* D. Boerse mulls ISE sale, sees no time pressure -sources
* Proceeds could bolster growth in Asia -sources
* No obvious buyer for ISE -analysts
* Deutsche Boerse declines comment
By Andreas Kröner
FRANKFURT, June 6 (Reuters) - Deutsche Boerse would like to use the proceeds from an eventual sale of its International Securities Exchange (ISE) unit to fund expansion in Asia, two sources familiar with the thinking of the German exchange operator said on Friday.
The exchange group has been mulling the sale of its U.S. options exchange, but sees likely offer prices as not attractive enough for any move near-term and has mandated no banks to study the issue, the sources said.
“There is no time pressure,” one of the sources said.
Deutsche Boerse sees Asia as the mainspring of its future growth and already aims to double revenue from the region to 200 million euros ($272 million) annually by 2017.
Proceeds from the sale of ISE would give Deutsche Boerse additional capacity to invest in India or China, for example, after the group agreed to intensify cooperation with Bank of China and the Shanghai Stock Exchange earlier this year.
Some analysts said they would welcome a sale of ISE, which has not lived up to expectations due to fierce price competition and regulatory obstacles to product approvals since it was purchased by Deutsche Boerse for around $2.8 billion in 2007.
Deutsche Boerse has taken a series of impairment charges on the asset since then, including one of 415 million euros in the fourth quarter of 2009. ISE was valued at 921.3 million euros at the end of 2013, according to Deutsche Boerse’s annual report.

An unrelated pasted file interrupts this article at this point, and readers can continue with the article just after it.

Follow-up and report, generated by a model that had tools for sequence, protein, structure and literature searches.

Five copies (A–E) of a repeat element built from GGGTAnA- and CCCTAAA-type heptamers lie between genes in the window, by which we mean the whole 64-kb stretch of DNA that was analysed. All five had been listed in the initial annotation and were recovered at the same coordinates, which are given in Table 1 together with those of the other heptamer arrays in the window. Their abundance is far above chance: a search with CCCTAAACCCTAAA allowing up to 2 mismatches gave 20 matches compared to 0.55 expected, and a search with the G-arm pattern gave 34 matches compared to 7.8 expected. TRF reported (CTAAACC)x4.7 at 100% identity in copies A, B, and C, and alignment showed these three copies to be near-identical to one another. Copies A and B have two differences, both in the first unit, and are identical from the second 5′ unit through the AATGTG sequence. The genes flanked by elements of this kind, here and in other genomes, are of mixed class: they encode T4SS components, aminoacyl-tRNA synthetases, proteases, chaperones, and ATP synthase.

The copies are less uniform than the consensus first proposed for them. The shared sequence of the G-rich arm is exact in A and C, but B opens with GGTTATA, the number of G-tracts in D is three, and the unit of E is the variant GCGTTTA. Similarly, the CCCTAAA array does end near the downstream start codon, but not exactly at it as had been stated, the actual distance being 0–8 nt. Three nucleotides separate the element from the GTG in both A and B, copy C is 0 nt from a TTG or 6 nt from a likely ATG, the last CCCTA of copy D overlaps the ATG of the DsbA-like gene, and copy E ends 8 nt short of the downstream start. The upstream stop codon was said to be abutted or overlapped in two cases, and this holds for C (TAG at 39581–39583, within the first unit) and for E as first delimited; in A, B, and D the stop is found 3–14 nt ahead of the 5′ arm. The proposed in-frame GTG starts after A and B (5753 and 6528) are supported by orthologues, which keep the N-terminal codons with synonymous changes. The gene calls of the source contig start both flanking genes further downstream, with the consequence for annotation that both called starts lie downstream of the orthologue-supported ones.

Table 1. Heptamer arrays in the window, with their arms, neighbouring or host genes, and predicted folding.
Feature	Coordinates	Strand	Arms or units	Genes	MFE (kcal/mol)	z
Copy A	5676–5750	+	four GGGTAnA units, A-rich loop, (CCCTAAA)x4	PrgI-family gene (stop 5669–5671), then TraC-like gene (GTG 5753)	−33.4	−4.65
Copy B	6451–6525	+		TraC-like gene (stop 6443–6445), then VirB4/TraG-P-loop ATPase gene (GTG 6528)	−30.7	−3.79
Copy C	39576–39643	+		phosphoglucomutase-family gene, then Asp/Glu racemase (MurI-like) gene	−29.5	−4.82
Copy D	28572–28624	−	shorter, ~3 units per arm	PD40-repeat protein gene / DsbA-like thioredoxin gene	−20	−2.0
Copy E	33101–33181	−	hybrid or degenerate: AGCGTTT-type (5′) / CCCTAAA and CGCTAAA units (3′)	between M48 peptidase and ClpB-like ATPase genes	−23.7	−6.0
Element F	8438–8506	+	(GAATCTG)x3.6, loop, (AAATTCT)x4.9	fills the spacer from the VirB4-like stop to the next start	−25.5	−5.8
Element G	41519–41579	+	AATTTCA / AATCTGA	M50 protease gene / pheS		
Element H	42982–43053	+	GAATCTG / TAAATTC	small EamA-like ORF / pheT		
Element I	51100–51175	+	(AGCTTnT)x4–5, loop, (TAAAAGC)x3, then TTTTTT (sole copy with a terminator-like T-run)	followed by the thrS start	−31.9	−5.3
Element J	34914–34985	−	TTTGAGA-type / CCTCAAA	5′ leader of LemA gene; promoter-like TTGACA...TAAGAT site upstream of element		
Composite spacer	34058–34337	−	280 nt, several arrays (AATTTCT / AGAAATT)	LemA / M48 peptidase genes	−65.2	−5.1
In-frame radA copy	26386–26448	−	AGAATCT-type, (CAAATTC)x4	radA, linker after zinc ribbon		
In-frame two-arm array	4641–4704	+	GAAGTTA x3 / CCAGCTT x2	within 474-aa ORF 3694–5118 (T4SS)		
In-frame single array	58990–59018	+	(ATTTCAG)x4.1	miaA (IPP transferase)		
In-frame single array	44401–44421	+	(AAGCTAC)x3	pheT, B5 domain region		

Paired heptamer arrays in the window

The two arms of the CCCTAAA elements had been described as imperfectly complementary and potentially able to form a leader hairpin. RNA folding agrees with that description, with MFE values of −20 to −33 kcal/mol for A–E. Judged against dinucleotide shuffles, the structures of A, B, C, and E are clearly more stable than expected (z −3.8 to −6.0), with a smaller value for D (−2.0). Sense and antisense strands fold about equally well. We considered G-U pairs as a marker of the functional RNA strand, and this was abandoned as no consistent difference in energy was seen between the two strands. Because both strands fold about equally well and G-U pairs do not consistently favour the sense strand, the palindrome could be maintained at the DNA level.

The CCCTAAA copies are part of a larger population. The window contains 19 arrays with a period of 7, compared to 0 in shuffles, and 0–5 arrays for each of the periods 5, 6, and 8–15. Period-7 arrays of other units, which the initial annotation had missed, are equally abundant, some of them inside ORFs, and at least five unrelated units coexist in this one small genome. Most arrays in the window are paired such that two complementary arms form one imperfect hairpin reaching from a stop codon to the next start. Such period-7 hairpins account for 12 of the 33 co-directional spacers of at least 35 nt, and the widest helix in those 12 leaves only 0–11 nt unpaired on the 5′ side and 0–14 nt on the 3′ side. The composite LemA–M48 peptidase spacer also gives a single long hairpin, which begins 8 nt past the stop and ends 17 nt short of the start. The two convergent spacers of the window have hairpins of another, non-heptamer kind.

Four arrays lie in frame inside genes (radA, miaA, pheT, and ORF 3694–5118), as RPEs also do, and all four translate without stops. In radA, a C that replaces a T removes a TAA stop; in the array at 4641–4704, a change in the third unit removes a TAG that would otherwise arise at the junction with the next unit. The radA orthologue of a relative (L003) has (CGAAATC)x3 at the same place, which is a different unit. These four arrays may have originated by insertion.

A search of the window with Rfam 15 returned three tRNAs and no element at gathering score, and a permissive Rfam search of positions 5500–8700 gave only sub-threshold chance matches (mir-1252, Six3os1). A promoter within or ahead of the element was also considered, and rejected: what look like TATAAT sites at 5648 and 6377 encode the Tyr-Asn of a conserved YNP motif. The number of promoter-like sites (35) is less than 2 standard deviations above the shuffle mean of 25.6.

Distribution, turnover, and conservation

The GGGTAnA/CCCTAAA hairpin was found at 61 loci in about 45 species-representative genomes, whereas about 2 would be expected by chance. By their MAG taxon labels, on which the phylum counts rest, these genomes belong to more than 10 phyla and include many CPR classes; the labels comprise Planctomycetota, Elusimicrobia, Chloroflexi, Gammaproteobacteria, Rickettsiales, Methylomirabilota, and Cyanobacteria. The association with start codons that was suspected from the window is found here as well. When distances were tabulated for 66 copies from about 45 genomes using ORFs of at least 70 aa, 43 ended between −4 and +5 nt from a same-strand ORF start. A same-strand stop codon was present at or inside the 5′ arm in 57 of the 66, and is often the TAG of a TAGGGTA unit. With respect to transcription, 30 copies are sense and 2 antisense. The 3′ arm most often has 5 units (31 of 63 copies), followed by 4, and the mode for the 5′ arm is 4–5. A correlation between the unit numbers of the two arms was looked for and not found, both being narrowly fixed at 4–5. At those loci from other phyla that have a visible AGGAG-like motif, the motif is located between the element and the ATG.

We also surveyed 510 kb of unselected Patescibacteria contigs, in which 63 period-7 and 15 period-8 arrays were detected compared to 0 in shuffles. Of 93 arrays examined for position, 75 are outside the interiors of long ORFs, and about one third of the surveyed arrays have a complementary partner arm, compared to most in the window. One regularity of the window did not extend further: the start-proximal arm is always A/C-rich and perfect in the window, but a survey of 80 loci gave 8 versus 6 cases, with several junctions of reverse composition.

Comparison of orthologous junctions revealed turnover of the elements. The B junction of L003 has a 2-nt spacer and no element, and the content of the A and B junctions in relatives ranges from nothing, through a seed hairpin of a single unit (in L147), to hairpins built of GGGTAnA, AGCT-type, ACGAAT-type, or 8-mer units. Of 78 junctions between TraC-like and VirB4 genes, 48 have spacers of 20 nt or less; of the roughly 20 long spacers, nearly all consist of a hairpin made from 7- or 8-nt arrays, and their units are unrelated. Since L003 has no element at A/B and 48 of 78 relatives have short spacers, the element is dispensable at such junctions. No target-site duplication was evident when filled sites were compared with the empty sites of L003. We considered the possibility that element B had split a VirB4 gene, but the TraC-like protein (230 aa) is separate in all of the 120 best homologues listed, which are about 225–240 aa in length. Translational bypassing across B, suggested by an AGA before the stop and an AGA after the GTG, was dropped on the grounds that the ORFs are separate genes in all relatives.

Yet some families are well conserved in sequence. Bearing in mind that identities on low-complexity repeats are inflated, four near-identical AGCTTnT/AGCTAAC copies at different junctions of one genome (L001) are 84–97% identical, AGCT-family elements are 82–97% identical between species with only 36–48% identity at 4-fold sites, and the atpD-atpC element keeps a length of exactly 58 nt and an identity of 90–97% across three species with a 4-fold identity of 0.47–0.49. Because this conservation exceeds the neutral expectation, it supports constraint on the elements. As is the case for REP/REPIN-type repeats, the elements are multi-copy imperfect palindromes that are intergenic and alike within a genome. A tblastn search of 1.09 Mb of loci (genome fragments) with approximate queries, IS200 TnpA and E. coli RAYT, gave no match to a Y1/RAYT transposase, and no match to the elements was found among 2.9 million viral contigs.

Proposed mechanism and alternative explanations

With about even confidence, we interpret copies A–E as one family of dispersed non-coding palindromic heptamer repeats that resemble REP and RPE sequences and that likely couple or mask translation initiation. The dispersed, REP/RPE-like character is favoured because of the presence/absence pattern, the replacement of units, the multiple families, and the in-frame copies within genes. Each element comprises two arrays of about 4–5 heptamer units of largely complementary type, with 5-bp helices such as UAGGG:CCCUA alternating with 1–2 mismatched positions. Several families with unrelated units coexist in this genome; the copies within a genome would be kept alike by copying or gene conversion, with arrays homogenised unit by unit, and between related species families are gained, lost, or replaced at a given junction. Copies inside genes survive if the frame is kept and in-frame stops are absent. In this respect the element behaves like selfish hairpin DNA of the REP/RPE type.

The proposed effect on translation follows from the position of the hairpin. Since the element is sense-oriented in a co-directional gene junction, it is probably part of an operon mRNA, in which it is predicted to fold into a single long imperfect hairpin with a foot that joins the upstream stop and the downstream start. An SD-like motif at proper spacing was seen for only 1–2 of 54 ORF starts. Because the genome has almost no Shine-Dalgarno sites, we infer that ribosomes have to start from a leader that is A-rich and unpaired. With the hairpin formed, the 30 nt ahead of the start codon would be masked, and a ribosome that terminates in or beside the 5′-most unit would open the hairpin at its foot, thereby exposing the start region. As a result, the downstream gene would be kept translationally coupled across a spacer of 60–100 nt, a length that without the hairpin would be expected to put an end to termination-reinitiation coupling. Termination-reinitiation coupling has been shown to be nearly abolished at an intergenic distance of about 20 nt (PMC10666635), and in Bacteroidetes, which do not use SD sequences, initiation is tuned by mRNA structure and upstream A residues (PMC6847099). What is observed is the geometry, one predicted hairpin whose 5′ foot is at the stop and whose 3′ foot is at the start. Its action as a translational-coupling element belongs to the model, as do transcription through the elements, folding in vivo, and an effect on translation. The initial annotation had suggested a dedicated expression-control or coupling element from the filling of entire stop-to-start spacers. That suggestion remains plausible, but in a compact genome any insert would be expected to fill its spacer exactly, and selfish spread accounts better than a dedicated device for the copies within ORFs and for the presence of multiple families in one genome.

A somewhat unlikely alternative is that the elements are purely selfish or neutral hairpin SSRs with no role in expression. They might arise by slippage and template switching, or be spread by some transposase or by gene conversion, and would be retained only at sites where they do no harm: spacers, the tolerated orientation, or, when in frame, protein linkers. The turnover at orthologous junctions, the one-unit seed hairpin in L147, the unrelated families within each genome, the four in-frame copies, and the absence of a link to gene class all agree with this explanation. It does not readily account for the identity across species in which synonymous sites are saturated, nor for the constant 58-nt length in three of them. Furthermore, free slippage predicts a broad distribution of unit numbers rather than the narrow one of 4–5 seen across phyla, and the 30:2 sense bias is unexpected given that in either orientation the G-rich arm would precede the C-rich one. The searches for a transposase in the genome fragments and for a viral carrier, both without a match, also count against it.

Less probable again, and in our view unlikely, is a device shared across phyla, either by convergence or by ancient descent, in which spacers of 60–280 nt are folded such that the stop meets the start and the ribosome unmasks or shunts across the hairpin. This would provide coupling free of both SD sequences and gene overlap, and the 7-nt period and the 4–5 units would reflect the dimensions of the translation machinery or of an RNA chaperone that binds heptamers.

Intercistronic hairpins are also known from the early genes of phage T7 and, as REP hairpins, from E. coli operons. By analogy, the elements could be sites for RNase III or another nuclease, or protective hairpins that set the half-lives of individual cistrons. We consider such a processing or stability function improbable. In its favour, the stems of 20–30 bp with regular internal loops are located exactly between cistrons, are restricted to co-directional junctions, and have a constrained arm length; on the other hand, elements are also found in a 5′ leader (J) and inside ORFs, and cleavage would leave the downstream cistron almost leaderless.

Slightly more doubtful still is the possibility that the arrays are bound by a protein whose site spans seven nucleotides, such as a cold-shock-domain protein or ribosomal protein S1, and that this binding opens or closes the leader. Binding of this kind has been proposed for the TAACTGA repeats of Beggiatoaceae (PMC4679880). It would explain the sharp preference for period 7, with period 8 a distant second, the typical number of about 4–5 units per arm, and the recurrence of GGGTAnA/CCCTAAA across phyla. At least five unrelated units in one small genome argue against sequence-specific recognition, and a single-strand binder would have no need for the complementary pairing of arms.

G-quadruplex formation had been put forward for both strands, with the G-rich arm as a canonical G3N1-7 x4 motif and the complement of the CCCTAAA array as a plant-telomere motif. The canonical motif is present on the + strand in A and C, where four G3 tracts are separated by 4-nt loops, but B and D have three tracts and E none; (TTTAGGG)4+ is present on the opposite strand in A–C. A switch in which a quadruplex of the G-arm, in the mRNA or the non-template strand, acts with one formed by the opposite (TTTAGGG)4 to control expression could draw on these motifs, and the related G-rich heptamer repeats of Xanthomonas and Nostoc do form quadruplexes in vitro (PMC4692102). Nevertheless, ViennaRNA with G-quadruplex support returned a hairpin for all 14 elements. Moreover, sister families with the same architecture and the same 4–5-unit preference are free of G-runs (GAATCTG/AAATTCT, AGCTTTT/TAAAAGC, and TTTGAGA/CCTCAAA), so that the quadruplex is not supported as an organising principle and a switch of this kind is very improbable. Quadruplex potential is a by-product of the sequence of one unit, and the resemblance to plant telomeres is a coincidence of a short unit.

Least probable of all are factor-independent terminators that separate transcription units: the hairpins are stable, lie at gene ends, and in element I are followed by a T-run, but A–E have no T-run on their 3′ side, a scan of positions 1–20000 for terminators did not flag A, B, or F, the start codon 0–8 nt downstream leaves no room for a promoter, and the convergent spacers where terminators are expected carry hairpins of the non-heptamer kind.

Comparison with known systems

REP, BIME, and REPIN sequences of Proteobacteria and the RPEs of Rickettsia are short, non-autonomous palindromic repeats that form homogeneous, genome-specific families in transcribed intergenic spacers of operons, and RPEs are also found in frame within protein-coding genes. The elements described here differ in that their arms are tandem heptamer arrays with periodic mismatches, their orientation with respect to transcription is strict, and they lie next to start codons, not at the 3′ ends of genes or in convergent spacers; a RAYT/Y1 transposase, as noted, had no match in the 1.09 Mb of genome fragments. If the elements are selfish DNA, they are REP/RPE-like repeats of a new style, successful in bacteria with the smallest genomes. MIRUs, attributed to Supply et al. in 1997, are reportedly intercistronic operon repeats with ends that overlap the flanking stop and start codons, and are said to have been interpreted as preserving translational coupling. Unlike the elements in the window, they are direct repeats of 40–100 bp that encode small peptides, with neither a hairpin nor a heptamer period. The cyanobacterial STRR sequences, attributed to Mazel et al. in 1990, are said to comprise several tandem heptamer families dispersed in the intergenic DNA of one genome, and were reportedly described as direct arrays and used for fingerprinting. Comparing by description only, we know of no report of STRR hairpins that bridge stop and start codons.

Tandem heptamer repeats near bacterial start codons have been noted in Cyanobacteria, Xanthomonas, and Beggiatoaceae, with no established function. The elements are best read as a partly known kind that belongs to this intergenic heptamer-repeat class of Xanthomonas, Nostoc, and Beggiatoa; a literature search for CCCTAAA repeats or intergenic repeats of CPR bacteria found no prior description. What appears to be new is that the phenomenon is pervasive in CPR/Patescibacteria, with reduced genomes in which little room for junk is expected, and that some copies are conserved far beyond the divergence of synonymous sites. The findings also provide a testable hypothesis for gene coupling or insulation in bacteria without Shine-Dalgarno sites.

ISE is only expected to fetch between $1 billion and $1.5 billion if sold, one of the sources told Reuters.
“We would generally look on a sale in that price range as a positive for the stock, one that might open other opportunities for DB and its shareholders, such as capital return through dividends/buybacks or the acquisition of a property that better fit with its core strategic vision,” analysts at BMO Capital Markets commented in a note to clients.
However, finding a buyer may take some time, BMO added.
“Frankly, a logical buyer with deep enough pockets doesn’t immediately come to mind, so we’d place relatively low odds on the transaction happening in the near term,” it said.
Deutsche Boerse declined comment.
The exchange operator bought ISE after its own attempts to grow failed to take off. The ISE platform was expected to allow it to push into the market for U.S. equity options, complementing its derivatives platform Eurex, which offers trading in European equity options, index options and futures.
But options trading volume has been hit by the introduction of new bank rules which force traders to underpin options bets with more capital. ($1 = 0.7345 Euros) (Writing by Jonathan Gould; Editing by David Holmes)